Safety Tips For Parents Teaching Their Boys How To Drive

Are you intimidated by the prospect of teaching boys how to drive? 

When it comes to building independence in your son, one of the best things you can do is to teach him how to drive (when he reaches the legal age!)

Black teenage boy sitting in the drivers seat of a car

(Unsplash CC0)

Of course, the prospect of your son taking the wheel can be a nerve-wracking, especially given the accident statistics associated with teenage drivers. Whether due to inexperience or over-confidence, young drivers can be a danger to themselves (and others). Other drivers can also be a problem, and this might also be a worry to you. An injury lawyer can help in the event of an accident, but the best thing for you to do is help your teen pre-empt an accident in the first place. 

With all of the above in mind, follow these safety tips when teaching your son how to drive. 

#1: Don’t take to the roads straight away

It’s always wise to find an empty parking lot or a similar space before heading out onto the roads. Here, you will be able to teach your teen the basics of driving, without the worry of other drivers getting in the way. For the first couple of lessons, give your son a tour of the vehicle, and let him get comfortable with hitting the gas and brake pedals and turning the wheel. Follow these driving basics when you teach your teen, and perhaps show him the included video tutorials before their first outing with you.  

#2: Plan out a route in advance

When taking your teen out onto the roads for the first time, plan the route in advance. Get familiar with it yourself so you know what to expect, as this will help you guide your son when he is behind the wheel. Choose quieter areas of your neighborhood at first and take steps to avoid congested areas to reduce the chances of an early accident. 

#3: Stay calm

Your son will make mistakes but it’s how you react that matters. If you shout and get angry at him, or start to panic, your son might make more mistakes because he’s likely be become flustered. You might also damage his self-confidence if you react negatively and this could negatively affect his driving ability. So, do what you can to be a calmer parent, and gently ask your son to pull over for a few minutes if you need to discuss mistakes.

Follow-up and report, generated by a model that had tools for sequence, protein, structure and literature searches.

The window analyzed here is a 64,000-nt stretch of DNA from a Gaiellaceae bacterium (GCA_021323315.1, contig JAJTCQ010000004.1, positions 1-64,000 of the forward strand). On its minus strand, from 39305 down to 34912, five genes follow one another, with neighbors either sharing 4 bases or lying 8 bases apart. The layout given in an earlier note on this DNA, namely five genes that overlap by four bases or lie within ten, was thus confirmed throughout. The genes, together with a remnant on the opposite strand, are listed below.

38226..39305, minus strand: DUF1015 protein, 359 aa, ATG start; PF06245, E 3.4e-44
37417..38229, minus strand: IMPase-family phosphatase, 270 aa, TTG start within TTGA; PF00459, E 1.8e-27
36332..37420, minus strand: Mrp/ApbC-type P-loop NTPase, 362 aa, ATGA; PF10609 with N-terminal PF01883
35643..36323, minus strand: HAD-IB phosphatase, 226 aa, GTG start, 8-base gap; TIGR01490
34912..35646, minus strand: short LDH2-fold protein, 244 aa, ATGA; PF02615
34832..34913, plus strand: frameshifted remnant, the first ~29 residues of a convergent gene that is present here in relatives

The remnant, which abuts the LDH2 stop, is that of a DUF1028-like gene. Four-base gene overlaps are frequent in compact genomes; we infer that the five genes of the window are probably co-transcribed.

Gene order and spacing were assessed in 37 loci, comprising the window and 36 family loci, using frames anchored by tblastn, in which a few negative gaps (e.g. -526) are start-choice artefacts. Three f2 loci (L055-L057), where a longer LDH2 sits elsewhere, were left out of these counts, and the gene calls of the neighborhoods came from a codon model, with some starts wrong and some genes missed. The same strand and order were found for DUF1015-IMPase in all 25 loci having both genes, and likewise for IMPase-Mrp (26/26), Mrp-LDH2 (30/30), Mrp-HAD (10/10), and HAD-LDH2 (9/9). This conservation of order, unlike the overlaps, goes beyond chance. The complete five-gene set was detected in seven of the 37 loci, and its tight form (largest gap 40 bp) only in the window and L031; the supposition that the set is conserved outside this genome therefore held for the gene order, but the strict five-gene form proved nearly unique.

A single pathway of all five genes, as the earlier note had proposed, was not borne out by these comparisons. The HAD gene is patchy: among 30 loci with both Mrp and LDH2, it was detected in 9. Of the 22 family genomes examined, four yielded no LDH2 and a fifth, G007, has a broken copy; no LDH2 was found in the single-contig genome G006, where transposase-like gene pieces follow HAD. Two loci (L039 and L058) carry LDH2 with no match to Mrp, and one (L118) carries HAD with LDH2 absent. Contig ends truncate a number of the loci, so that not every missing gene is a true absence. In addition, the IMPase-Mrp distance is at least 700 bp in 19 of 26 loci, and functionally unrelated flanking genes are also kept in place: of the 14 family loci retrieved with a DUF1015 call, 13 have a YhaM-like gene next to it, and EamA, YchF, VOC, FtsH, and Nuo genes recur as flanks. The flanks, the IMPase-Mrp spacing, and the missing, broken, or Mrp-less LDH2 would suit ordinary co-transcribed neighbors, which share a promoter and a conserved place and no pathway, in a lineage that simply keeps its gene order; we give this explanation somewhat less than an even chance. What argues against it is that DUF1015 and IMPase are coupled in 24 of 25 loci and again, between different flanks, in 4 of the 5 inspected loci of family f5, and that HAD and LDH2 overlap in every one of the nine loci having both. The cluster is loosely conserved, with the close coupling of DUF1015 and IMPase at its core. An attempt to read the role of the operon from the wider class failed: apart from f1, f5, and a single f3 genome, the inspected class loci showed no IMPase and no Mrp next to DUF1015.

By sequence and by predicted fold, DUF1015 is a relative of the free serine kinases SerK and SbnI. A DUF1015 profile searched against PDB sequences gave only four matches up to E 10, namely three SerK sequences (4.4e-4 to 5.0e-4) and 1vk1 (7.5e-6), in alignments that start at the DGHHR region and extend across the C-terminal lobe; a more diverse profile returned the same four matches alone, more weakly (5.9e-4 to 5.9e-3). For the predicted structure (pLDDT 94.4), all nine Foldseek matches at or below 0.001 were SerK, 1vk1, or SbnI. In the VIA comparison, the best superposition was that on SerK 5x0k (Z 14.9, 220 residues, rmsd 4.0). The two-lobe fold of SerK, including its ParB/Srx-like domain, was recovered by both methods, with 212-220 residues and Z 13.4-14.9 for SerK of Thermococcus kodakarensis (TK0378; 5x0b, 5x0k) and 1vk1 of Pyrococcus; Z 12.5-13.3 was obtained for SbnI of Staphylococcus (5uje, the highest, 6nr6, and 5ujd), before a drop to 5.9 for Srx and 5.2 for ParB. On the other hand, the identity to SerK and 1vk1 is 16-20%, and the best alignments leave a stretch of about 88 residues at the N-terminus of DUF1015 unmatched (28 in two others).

#4: Practice in a range of conditions

It’s sensible to practice driving in the daylight for the first few sessions, but as your son gets better at driving, mix things up a little. Take him out at night so he gets used to driving in the dark and get used him used to inclement weather conditions too. You will need to guide him on the different driving techniques needed for different environments, so educate your teen on these before each lesson.

Other things you can do as a parent

As a parent, remember that you don’t have to be your son’s sole driving teacher. Enroll him in a drivers education course as well as a safe driving program

Talk to your son about the dangers of distracted driving too, and explain the dangers of drug and alcohol use in relation to driving a car. Remind him of his responsibility when out on the roads, and when you’re behind the wheel, always be a good role model. 

There is a lot more information online, so continue your research to ensure safety for both you and your son when you are teaching boys how to drive. 

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The Building Boys Bulletin

The Building Boys Bulletin Newsletter gives you the facts, encouragement, and inspiration you need to help boys thrive. Written by Jennifer L.W. Fink, mom of four sons and author of Building Boys: Raising Great Guys in a World That Misunderstands Males, Building Boys Bulletin includes:

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“I learned a lot about helping boys thrive over the past 20+ years — most of it the hard way! I’m eager to share what I’ve learned to make your path a little easier.”   – Jennifer

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